Are Our Brains Pre-Wired to See Language? A New Study Suggests, Yes, It Is.

New research has found that humans are born with a part of the brain that is wired already to see words and letters, setting the ground work for reading.

Looking at brain scans from newborns, scientists found that the part of the brain, the visual word form area” or VWFA is connected to the language part of the brain. Researchers say this makes it fertile ground to develop a sense of visual words. Even before exposure to language.

The VWFA is specializes in this way for reading only as individuals that are becoming literate. Some scientists thought that the VWFA only became receptive to language when exposed to it. Like the parts of the brain that sees faces, scenes or other objects as babies learn about them.

Researchers found this wasn’t true though that the VWFA comes out formed to be receptive to language.

Researchers found the VWFA was different because of its functional connection to the language part of the brain and comes preprogrammed unlike the way the visual cortex develops facial recognition.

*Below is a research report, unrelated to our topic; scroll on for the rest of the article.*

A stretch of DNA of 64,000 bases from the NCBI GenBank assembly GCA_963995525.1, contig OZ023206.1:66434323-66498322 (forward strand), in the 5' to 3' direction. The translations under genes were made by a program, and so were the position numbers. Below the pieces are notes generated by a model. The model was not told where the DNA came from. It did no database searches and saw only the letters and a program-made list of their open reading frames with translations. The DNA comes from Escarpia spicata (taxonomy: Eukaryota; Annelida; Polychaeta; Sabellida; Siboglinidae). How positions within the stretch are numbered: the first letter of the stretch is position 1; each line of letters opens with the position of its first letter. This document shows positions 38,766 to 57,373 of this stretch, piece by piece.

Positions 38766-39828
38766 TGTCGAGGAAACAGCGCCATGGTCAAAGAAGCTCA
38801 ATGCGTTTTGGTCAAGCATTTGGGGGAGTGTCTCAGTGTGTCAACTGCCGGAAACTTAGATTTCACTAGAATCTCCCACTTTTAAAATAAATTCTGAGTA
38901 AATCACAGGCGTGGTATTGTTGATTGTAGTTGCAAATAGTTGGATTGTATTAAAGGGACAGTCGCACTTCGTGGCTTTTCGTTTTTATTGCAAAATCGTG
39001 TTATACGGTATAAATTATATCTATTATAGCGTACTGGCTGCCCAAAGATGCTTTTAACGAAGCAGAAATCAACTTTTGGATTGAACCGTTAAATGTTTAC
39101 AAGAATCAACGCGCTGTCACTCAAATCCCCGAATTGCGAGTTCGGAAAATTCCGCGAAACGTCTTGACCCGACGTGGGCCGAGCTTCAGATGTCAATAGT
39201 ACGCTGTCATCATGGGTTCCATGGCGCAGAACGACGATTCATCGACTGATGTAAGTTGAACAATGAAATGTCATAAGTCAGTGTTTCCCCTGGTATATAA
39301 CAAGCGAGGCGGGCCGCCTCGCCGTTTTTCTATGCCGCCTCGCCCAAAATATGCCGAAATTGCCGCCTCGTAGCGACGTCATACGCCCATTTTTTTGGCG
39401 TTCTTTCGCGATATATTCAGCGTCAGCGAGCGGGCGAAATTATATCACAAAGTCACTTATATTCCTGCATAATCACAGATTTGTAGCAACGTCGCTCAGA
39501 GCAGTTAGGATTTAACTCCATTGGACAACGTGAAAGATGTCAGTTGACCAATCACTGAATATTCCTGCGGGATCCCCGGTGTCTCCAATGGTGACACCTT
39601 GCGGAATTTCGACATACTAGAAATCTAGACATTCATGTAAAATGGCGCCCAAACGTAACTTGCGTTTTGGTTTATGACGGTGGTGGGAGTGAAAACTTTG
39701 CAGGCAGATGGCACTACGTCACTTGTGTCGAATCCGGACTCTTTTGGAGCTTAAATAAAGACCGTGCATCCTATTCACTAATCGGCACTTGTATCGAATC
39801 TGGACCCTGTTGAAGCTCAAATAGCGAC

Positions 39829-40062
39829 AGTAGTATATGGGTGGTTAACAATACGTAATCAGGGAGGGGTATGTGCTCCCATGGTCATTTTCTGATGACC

OSU Researchers Uncover Positive News About Brain Tissue and Concussions

New research at the Ohio State University reveals details about sub-cellular change in the brain in a post-concussive state that might one day be used to provide better treatment to concussion sufferers and other patients with brain damage.

Researchers examined the changes in rodent brains when affected by laboratory induced mild traumatic brain injury. They found rapid microscopic swelling along the axons. The axons are the long, slender part of the nerve cell that sends vital messages to other parts of the brain. This same kind of swelling is also seen in Alzheimer’s and Parkinson’s patients.

There is some guarded good news, though—the swollen axons are reversible. It remains, however, unclear how exactly all this plays out in a human brain and the degree to which people may respond differently to brain trauma and other neurological problems.